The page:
By: Katie Simers
Rory: Logan’s very nice. He bought me this terrific gift just completely out of the blue.
Emily: Is that so?
Rory: Totally unexpected. It’s called a Birkin bag.
Emily: A Birkin bag? Oh, my God. A Birkin bag.
Rory: You’ve heard of it?
Emily: Of course. That’s a very nice purse.
Rory: Oh, maybe I shouldn’t use it.
Emily: Oh, no. A Birkin bag is meant to be used and seen.
Rory: I had no idea.
Emily: Well, well, well, a Birkin bag. A Birkin bag. A Birkin bag for Rory.
Emily: I’m just saying. Richard never bought me a Birkin bag. Oh, this is exciting!
Rory: I guess it is.
Emily: A Birkin bag. I’m gonna remember this day.
“Welcome to the Doll House.” Gilmore Girls, created by Daniel Palladino & Amy Sherman-Palladino (Season 6; Episode 6) 2005. For some of us, this episode of Gilmore Girls was the first time we had ever heard of a Birkin bag. Or perhaps we recall hearing about a Hermès briefcase in Beyonce’s “Upgrade U” from 2006. But no matter how you first learned of the brand, most would qualify it in one word: iconic. These leather handbags typically sell for tens of thousands of dollars, with company sales exceeding $100 million in the last ten years, according to a court filing by Hermès. In 1984, Hermès created the luxury handbags which are named after the actress Jane Birkin. Reports say that they take a specialized artist a minimum of eighteen hours to make each bag by hand.
In February of 2023, in one of the first U.S. Trademark trials of its kind to consider intellectual property infringement by non-fungible tokens (“NFTs”), a federal jury for the Southern District of New York decided that an artist’s renditions of the Hermès Birkin bag as an NFT violated the company’s rights under U.S. Trademark laws. The case stems from Mason Rothschild’s (“Rothschild”) furry rendition of the handbags as “MetaBirkin” NFTs. Rothschild, an artist, created one hundred NFTs associated with images of the Birkin bags covered in fur, rather than the bag’s traditional leather. Rothschild’s NFTs contained bright colors and designs. He had planned to create and sell 1,000 of his MetaBirkins, but as of the time of the filing, he had only released a hundred of his designs. Rothschild then offered his NFTs at a Miami art fair in December, 2021, with over $1 million worth of the NFTs traded by early January 2022. Each NFT was $450, and Rothschild earned 7.5% of the secondary sales, equaling approximately $125,000 total from initial and secondary sales and royalties. This usage was of course, unauthorized by Hermès.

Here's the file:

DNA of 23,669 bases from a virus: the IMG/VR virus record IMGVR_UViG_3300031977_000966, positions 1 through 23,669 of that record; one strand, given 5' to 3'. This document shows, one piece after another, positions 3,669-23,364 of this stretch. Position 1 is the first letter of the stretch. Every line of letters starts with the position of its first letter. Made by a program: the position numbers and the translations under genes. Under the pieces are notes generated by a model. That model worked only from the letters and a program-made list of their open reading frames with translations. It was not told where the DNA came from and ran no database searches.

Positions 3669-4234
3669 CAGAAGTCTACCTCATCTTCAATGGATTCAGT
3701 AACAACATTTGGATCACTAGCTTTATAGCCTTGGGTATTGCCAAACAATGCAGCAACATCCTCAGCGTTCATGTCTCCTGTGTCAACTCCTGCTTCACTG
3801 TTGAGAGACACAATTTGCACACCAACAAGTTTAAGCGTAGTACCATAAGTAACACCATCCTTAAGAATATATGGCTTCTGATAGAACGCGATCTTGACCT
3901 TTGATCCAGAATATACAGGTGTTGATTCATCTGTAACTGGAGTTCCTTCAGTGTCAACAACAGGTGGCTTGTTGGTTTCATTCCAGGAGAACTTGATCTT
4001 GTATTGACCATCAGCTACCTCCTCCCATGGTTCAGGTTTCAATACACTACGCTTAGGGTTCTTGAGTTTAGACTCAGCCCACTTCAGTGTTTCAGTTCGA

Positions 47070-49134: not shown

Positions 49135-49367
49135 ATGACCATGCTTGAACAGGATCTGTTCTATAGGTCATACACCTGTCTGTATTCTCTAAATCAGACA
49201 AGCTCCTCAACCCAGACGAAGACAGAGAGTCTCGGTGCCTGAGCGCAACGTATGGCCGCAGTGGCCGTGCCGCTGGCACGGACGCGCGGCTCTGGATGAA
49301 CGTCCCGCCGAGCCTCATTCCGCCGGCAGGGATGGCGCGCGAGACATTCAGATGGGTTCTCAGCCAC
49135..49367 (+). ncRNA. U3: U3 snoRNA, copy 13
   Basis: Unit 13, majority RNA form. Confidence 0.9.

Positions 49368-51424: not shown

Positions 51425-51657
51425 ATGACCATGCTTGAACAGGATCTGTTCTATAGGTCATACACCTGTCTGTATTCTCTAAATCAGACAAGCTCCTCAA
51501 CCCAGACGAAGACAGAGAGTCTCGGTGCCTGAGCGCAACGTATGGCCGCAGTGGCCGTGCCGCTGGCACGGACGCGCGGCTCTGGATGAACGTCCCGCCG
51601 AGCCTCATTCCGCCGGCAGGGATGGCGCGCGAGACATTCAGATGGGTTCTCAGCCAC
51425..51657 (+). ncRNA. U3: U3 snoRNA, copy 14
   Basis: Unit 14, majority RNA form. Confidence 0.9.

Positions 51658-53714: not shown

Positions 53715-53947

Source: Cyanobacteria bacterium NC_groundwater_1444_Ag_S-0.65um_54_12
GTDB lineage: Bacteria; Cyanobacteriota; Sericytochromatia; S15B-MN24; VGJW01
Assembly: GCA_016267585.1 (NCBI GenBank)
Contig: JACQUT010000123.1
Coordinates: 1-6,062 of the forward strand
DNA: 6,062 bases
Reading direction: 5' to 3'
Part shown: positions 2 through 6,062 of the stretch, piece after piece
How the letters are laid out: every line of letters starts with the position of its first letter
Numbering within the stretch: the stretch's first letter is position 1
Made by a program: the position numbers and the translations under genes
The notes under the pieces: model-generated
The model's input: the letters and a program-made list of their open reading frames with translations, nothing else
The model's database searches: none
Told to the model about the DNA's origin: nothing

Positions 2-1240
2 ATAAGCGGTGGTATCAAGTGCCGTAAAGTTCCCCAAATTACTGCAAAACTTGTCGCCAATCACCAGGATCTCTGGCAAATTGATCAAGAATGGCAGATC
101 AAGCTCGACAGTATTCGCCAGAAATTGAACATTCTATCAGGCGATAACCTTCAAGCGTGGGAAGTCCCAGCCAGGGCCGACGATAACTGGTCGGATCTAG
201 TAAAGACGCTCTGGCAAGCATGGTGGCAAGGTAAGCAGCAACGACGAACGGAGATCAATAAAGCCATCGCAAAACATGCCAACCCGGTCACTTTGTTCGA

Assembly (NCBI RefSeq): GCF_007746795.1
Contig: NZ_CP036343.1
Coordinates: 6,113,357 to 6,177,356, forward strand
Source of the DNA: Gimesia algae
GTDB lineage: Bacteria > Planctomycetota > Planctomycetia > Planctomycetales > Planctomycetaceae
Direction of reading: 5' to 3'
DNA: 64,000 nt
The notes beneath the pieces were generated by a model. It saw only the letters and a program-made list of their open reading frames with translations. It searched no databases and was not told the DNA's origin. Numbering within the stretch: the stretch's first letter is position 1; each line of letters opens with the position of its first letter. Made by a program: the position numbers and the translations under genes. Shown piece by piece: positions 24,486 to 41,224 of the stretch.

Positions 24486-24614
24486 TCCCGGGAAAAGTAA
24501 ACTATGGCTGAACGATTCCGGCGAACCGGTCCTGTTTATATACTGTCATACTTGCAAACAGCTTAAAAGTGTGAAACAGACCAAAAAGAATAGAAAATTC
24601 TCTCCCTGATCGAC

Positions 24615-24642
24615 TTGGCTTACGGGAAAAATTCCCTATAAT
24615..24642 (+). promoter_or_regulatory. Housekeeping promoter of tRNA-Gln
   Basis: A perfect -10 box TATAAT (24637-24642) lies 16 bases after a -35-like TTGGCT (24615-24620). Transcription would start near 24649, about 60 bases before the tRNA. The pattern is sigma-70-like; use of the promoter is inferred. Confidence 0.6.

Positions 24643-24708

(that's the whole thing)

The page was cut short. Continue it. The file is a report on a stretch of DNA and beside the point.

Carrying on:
Rothschild argued that his NFTs were art and are an “ironic nod” to the famous French luxury brand, comparable to Andy Warhol’s paintings of Campbell’s Soup, which were protected under the First Amendment. Hermès, however, argued that the only reason the NFTs were purchased was because of the Birkin name, which implied a nonexistent connection to the luxury label, or at best, consumer confusion over whether the NFTs were connected to the brand. At trial, an expert for Hermès indicated that a study found a net confusion rate among consumers of 18.7%. Hermès also argued that Rothschild was diluting its trademark and brand with unaffiliated virtual goods.
Ultimately, Hermès was awarded $133,000 in damages for trademark infringement, dilution, and cybersquatting. The jury concluded that Rothschild’s NFTs were not art, where appropriation may be more protected, but rather, infringement of the brand’s handbags, more in line with commodities which are subject to strict trademark laws, meant to prohibit copycats. Yet the case does not foreclose upon the idea that NFTs can be considered artwork under U.S. Trademark law. This was a fact specific inquiry where the differences between the official brand and the artist were subtle. In one of its filings, Hermès indicated it intended to expand into the NFT arena just as many other major brands, especially in fashion, are announcing the same. Hermès argued that to expand in this area, it felt the need to protect its interest or it would always be competing against Rothschild’s MetaBirkins.
If you find yourself with trademark questions or find yourself in a similar situation where another company or individual is causing confusion in the market for your consumers, please reach out to the Odom Law Group offices – we are ready and happy to assist you.
For more information, the case is Hermès International v. Rothschild, No. 22-CV-384 (JSR), 2023 WL 1458126, at *1 (S.D.N.Y. Feb. 2, 2023).
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